• The injury to rookie Malik McDowell prompted the Seahawks to trade for Sheldon Richardson, Pete Carroll said, via the Seattle Times’ Bob Condotta (on Twitter). Currently on the NFI list, McDowell does not have a timetable for a return, Condotta adds (via Twitter). Carroll said the team could still look to add another defensive tackle (Twitter link, via Condotta).
  • Richardson will play the three-technique position in the Seahawks’ 4-3 scheme, the fifth-year defensive lineman said Monday (via Condotta, on Twitter). He will line up inside of Michael Bennett and Cliff Avril, giving the Seahawks one of the most talented defensive fronts in football. Richardson primarily played 3-4 defensive end with the Jets but also saw time at outside linebacker. He played 4-3 defensive tackle at the University of Missouri, though.
  • Aaron Donald remains a holdout as the Rams begin their Week 1 preparations, but Sean McVay won’t impose a deadline on how late the All-Pro defensive lineman can report to the team and still play Sunday, Alden Gonzalez of ESPN.com reports. Rams reps flew to Atlanta to meet with Donald, but the sides reportedly aren’t close to a deal. Gonzalez adds McVay nonetheless remains “optimistic” about a solution.
  • A two-position starter for the Broncos during the past two seasons, Michael Schofield attracted widespread interest on the waiver wire. The Chargers won out due to their position in the waiver hierarchy, but the Lions, Redskins, Vikings and Saints also put in claims on the fourth-year guard/tackle, Ian Rapoport of NFL.com tweets. A 2014 third-rounder, Schofield started for the Broncos at right tackle during their Super Bowl season and lined up at right guard throughout 2016. While Denver didn’t sport particularly effective O-lines during those seasons, Schofield clearly has believers out there.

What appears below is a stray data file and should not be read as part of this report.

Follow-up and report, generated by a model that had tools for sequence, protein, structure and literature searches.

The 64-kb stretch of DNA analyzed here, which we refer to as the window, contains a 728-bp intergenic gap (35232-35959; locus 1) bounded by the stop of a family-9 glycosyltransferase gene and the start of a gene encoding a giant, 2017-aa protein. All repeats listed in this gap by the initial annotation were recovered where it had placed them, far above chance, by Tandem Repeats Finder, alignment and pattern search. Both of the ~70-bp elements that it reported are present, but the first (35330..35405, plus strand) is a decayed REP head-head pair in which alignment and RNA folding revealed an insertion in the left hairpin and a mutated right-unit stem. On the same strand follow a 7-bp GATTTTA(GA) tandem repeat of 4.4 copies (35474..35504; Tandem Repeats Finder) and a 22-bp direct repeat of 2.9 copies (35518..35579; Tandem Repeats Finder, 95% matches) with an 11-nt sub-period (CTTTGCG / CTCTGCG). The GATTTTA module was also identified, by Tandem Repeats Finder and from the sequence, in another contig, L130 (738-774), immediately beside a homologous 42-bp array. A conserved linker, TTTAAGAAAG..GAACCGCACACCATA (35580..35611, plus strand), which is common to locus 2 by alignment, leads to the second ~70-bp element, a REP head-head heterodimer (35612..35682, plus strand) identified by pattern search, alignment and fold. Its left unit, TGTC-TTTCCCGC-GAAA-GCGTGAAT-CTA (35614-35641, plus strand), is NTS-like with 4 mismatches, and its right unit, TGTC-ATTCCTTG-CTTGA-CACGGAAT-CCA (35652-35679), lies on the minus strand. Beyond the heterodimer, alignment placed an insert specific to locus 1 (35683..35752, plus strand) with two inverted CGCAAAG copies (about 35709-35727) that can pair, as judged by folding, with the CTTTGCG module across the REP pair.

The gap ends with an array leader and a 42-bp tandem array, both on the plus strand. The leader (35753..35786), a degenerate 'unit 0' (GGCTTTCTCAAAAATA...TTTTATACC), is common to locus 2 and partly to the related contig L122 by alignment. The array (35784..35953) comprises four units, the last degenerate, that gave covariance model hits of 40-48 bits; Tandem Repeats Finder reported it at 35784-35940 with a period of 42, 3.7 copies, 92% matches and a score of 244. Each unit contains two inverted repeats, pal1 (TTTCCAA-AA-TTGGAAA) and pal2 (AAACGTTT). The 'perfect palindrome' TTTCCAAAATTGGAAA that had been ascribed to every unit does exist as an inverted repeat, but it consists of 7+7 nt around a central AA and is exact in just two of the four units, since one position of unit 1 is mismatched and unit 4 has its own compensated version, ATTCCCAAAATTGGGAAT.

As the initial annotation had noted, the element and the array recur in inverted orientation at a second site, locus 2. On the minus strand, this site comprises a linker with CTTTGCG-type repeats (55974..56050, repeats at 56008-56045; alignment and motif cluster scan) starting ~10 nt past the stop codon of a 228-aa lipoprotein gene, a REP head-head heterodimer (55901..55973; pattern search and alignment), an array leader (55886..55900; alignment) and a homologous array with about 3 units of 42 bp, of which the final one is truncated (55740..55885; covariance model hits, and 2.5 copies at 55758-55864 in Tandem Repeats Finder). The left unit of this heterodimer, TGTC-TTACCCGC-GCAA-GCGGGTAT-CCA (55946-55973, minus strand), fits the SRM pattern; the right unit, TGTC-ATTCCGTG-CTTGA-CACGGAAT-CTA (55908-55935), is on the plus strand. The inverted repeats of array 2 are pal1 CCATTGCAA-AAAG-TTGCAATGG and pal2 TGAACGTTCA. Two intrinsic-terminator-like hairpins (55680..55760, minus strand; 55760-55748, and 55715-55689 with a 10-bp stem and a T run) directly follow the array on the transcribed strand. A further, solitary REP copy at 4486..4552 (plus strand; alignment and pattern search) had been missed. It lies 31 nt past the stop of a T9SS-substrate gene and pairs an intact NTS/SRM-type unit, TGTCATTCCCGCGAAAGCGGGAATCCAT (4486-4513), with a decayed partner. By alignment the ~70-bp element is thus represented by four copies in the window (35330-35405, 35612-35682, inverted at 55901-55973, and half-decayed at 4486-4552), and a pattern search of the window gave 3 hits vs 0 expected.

• Speaking of waivers, the Seahawks hoped they’d have a chance to stash wide receiver Kasen Williams on their practice squad, Carroll said (via Condotta, on Twitter), but the Browns swooped in with a claim. The Seahawks will move on without Williams and Jermaine Kearse, traded to the Jets in the Richardson deal. Paul Richardson and Tyler Lockett are now Seattle’s top complementary wideouts, and Lockett (per Condotta, on Twitter) is expected to play in Week 1 after breaking his fibula late last season.

Extra Points: Broncos, Ward, Dorsett

The Broncos did not discuss a pay cut with safety T.J. Ward before releasing him on Saturday, Nicki Jhabvala of The Denver Post tweets. “It was a football decision,” a team source tells her, adding that the motivation was to give more playing time to Justin Simmons and Will Parks. Meanwhile, Broncos players are upset about losing Ward and his locker room presence, James Palmer of NFL.com tweets.

While Ward searches for a new home, here’s more from around the NFL:

  • The Colts had offers for Phillip Dorsett from other teams, but those proposed swaps involved draft choices instead of netting a young player at a positional need, Mike Lombardi of The Ringer tweets. Lombardi doesn’t name teams, but Jeremy Fowler of ESPN.com (Twitter link) says the 49ers, Jets and Cardinals were among the teams that showed preliminary interest in him.
  • The Jets are expected to be interested in running back Travaris Cadet now that he has been released by New Orleans, Aaron Wilson of The Houston Chronicle tweets. The Jets showed interest in Cadet during free agency but ultimately lost out.
  • T.J. McDonald‘s new deal with the Dolphins has built in protections for the team that will override his guarantees if he has another suspension issue, Armando Salguero of The Miami Herald tweets. The pact includes $10MM in “guarantees,” but McDonald can’t slip up if he wants to collect on all of it.